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Dyspnea (/dspni/ disp-NEE-; also dyspnoea; Latin: dyspnoea; Greek: , dspnoia), shortness of

breath (SOB), or air hunger,[1] is the subjective symptom of breathlessness.[2][3]

The clinical definition of dyspnea is an uncomfortable awareness of one's breathing effort. It is a normal
symptom of heavy exertion but becomes pathological if it occurs in unexpected situations. [2] In 85% of cases it
is due to either asthma, pneumonia, cardiac ischemia, interstitial lung disease, congestive heart failure, chronic
obstructive pulmonary disease, or psychogenic causes.[4] Treatment typically depends on the underlying cause.[5]

2 Differential diagnosis
o 2.1 Acute coronary syndrome
o 2.2 Congestive heart failure
o 2.3 Chronic obstructive pulmonary disease
o 2.4 Asthma
o 2.5 Pneumothorax
o 2.6 Pneumonia
o 2.7 Pulmonary embolism
o 2.8 Anaemia
o 2.9 Other

DD dyspnea
The most common cardiovascular causes are acute myocardial infarction and congestive heart failure while
common pulmonary causes include chronic obstructive pulmonary disease, asthma, pneumothorax, pulmonary
edema and pneumonia.[2] On a pathophysiological basis the causes can be divided into: (1) an increased
awareness of normal breathing such as during an anxiety attack, (2) an increase in the work of breathing and (3)
an abnormality in the ventilatory system.[10]

Congestive heart failure

Congestive heart failure frequently presents with shortness of breath with exertion, orthopnea, and paroxysmal
nocturnal dyspnea.[2] It affects between 1-2% of the general United States population and occurs in 10% of
those over 65 years old.[2][12] Risk factors for acute decompensation include high dietary salt intake, medication
noncompliance, cardiac ischemia, dysrhythmias, renal failure, pulmonary emboli, hypertension, and infections.
Treatment efforts are directed towards decreasing lung congestion.[2]

Acute coronary syndrome

Acute coronary syndrome frequently presents with retrosternal chest discomfort and difficulty catching the
breath.[2] It however may atypically present with shortness of breath alone. [12] Risk factors include old age,
smoking, hypertension, hyperlipidemia, and diabetes.[12] An electrocardiogram and cardiac enzymes are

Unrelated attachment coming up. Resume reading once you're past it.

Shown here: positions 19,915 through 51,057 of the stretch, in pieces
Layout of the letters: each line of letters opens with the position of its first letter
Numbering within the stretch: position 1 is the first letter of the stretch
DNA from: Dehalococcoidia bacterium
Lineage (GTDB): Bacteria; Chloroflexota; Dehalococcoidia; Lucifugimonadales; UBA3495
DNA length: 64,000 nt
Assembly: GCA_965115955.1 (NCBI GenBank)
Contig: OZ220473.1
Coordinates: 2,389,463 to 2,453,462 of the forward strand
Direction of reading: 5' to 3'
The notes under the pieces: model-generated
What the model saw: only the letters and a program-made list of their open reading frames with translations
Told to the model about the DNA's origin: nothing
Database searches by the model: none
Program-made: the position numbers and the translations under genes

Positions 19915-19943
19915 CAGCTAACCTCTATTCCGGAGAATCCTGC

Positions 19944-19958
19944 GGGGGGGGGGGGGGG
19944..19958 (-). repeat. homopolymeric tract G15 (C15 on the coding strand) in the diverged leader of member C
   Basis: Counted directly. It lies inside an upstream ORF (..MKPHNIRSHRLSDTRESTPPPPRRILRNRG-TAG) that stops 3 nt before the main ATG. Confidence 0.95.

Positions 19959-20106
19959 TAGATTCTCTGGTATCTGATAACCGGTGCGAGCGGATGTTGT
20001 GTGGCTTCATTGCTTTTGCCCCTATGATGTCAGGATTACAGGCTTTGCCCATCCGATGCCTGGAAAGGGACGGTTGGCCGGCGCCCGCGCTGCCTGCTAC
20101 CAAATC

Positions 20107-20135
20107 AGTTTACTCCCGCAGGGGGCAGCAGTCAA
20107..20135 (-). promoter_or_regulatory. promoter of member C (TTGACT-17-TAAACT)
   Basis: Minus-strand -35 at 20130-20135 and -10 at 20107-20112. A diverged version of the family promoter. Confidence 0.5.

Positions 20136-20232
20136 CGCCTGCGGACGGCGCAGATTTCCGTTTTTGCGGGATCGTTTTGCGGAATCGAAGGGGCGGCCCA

important both for diagnosis and directing treatment. [12] Treatment involves measures to decrease the oxygen
requirement of the heart and efforts to increase blood flow.[2]

Chronic obstructive pulmonary disease

People with chronic obstructive pulmonary disease (COPD), most commonly emphysema or chronic bronchitis,
frequently have chronic shortness of breath and a chronic productive cough. [2] An acute exacerbation presents
with increased shortness of breath and sputum production.[2] COPD is a risk factor for pneumothorax; thus this
condition should be ruled out.[2] In an acute exacerbation treatment is with a combination of anticholinergics,
beta2-adrenoceptor agonists, steroids and possibly positive pressure ventilation.[2]

Asthma is the most common reason for presenting to the emergency with shortness of breath. [2] It is the most
common lung disease in both developing and developed countries affecting about 5% of the population.[2] Other
symptoms include wheezing, tightness in the chest, and a non productive cough. [2] Inhaled corticosteroids are
the preferred treatment for children, however these drugs can reduce the growth rate. [13] Acute symptoms are
treated with short-acting bronchodilators.

Pneumothorax presents typically with pleuritic chest pain of acute onset and shortness of breath not improved
with oxygen.[2] Physical findings may include absent breath sounds on one side of the chest, jugular venous
distension, and tracheal deviation.[2]

The symptoms of pneumonia are fever, productive cough, shortness of breath, and pleuritic chest pain.[2]
Inspiratory crackles may be heard on exam.[2] A chest x-ray can be useful to differential pneumonia from
congestive heart failure.[2] As the cause is usually a bacterial infections antibiotics are typically used for
Important to remember: Severity and prognosis of Pneumonia can be estimated from CURB65, where
C=Confusion, U= Uremia (>7), R=Respiratory rate >30, B= BP<90, 65= Age>65.

Pulmonary embolism
Pulmonary embolism classically presents with an acute onset of shortness of breath. [2] Other presenting
symptoms include pleuritic chest pain, cough, hemoptysis, and fever.[2] Risk factors include deep vein
thrombosis, recent surgery, cancer, and previous thromboembolism.[2] It must always be considered in those
with acute onset of shortness of breath owing to its high risk of mortality.[2] Diagnosis however may be difficult.
Treatment is typically with anticoagulants.[2]

Anaemia caused by low hemoglobin levels is often a cause of dyspnea. Menstruation, particularly if excessive,
can contribute to anaemia and to consequential dyspnea in women. Headaches are also a symptom of dyspnea
in patients suffering from anaemia, some patients report a numb sensation in their head, and others have